Historian who trained Mel Gibson in borders accent for new movie is not impressed with results

Ben Arnold
Contributor
Mel Gibson in The Professor and the Madman (Credit: Vertical)

A historian who trained Mel Gibson to speak like he was from the Scottish Borders in new movie The Madman and the Professor has said he’s not hugely impressed with the results.

The first trailer landed for the long-in-gestation (that’s another story) movie, which tells the story of lexicographer James Murray and his creation of the Oxford English Dictionary.

Read more: Mel Gibson on his Wild Bunch remake

In it, Gibson plays Murray, with Sean Penn as Dr. William Chester Minor, a convicted murderer who contributed 10,000 entries to the lexicon while being treated in the asylum at Broadmoor.

Historian Ian Landles was hired to school Gibson in the Borders brogue, but has told The Scotsman that it ‘could have been better’.

Landles was sent samples of the script, which he read out over the phone. This was then recorded and sent to Gibson in order to perfect the accent.

“It may pass as a Scottish accent but not particularly a Borderer,” he told the newspaper.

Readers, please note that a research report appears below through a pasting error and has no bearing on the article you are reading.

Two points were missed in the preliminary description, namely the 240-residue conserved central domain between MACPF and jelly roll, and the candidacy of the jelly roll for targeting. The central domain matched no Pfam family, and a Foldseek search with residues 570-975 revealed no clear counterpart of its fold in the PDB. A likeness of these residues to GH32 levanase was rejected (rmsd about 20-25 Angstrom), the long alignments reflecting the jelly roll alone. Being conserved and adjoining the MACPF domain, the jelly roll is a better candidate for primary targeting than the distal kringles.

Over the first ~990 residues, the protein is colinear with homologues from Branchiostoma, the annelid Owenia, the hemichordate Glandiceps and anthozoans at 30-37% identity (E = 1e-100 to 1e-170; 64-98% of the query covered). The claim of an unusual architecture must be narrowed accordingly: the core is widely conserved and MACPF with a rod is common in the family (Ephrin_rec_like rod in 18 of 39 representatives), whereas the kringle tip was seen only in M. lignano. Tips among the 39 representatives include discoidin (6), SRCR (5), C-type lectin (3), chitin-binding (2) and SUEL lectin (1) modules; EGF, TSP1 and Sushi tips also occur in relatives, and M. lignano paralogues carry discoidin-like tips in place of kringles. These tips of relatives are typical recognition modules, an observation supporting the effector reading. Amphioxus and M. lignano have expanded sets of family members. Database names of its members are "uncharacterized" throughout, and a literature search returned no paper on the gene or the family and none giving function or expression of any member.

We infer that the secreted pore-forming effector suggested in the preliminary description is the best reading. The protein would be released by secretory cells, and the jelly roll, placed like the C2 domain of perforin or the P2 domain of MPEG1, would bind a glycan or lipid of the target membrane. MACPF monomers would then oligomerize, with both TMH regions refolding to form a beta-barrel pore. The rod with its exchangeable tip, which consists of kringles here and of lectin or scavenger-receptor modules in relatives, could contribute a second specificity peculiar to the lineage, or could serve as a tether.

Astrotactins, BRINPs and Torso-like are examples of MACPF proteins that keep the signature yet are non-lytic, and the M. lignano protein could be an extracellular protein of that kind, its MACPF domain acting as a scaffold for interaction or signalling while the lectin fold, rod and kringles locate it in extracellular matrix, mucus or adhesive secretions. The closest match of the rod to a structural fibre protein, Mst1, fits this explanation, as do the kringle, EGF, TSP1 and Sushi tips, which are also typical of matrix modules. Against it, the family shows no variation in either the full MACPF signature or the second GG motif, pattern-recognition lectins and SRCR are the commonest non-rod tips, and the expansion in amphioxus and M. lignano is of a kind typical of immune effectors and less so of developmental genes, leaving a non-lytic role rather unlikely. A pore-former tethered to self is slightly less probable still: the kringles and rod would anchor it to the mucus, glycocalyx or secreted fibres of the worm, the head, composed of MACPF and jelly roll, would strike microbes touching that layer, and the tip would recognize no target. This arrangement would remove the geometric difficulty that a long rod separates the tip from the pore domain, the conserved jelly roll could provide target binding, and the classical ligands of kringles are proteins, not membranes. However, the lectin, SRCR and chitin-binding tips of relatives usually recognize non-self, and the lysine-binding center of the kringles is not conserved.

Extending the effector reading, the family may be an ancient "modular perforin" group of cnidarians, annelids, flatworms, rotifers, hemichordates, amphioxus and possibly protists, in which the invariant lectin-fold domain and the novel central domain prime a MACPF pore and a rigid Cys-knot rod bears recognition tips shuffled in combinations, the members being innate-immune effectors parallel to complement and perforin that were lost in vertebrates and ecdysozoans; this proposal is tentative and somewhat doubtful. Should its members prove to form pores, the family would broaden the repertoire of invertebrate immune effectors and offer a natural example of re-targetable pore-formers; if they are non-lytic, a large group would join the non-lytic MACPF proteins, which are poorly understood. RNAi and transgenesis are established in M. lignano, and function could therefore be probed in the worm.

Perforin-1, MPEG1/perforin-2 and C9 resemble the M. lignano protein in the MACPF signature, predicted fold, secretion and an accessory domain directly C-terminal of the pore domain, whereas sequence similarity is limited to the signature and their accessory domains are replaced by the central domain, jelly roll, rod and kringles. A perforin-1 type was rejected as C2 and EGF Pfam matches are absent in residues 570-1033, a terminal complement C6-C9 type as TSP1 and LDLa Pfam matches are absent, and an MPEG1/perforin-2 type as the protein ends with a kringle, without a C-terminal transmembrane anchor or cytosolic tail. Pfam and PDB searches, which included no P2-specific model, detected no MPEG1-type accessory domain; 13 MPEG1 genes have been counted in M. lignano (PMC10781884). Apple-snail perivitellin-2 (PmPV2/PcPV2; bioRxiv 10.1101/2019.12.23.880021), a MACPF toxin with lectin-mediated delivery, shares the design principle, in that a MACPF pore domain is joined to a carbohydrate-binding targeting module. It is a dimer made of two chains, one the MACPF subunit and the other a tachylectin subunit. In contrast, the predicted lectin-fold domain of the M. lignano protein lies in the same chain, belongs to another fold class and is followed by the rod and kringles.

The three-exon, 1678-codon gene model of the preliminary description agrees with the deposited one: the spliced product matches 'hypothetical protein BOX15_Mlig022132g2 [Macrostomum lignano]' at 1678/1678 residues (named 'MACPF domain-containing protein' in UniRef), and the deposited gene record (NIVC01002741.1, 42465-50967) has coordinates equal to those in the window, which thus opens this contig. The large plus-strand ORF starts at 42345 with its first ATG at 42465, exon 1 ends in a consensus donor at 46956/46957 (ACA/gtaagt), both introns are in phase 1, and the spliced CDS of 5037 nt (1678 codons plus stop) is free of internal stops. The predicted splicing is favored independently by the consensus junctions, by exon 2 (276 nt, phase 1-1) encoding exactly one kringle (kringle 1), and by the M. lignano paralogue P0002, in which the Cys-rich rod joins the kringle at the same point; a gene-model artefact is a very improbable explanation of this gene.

“It’s okay, I suppose, but I think it could have been better. I was contacted by the voice coach about two or three years ago and he sent me sections of the script which I read back to him over the phone.

Read more: Gibson accuses movie producers of film scam

“I didn’t get a hefty fee for the work from Hollywood, I can say that.”

For some, it’s bringing back memories of Braveheart, in which Gibson’s accent while playing freedom fighter William Wallace was roundly lampooned.


The movie is emerging after spending years in development hell.

(Credit: Rex/FameFly.net)

Based on the book The Surgeon of Crawthorne by Simon Winchester, Gibson and his production company Icon Entertainment sued producers Voltage Pictures over the film’s final cut.

The company also sacked Gibson’s long-time collaborator Farhad Safinia, with whom he made the movie Apocalypto, and later claimed that Gibson was trying to hold them to ransom over huge reshoots.

Voltage also claimed that Safinia turned up on the first day of shooting without a contract in place, and had tried to up his fee by $75,000 two days before filming.

Rights to the film were acquired by Vertical Entertainment in January, with Safinia no longer credited as director.

Also starring Natalie Dormer, Steve Coogan and Eddie Marsan, it’s due for release in May.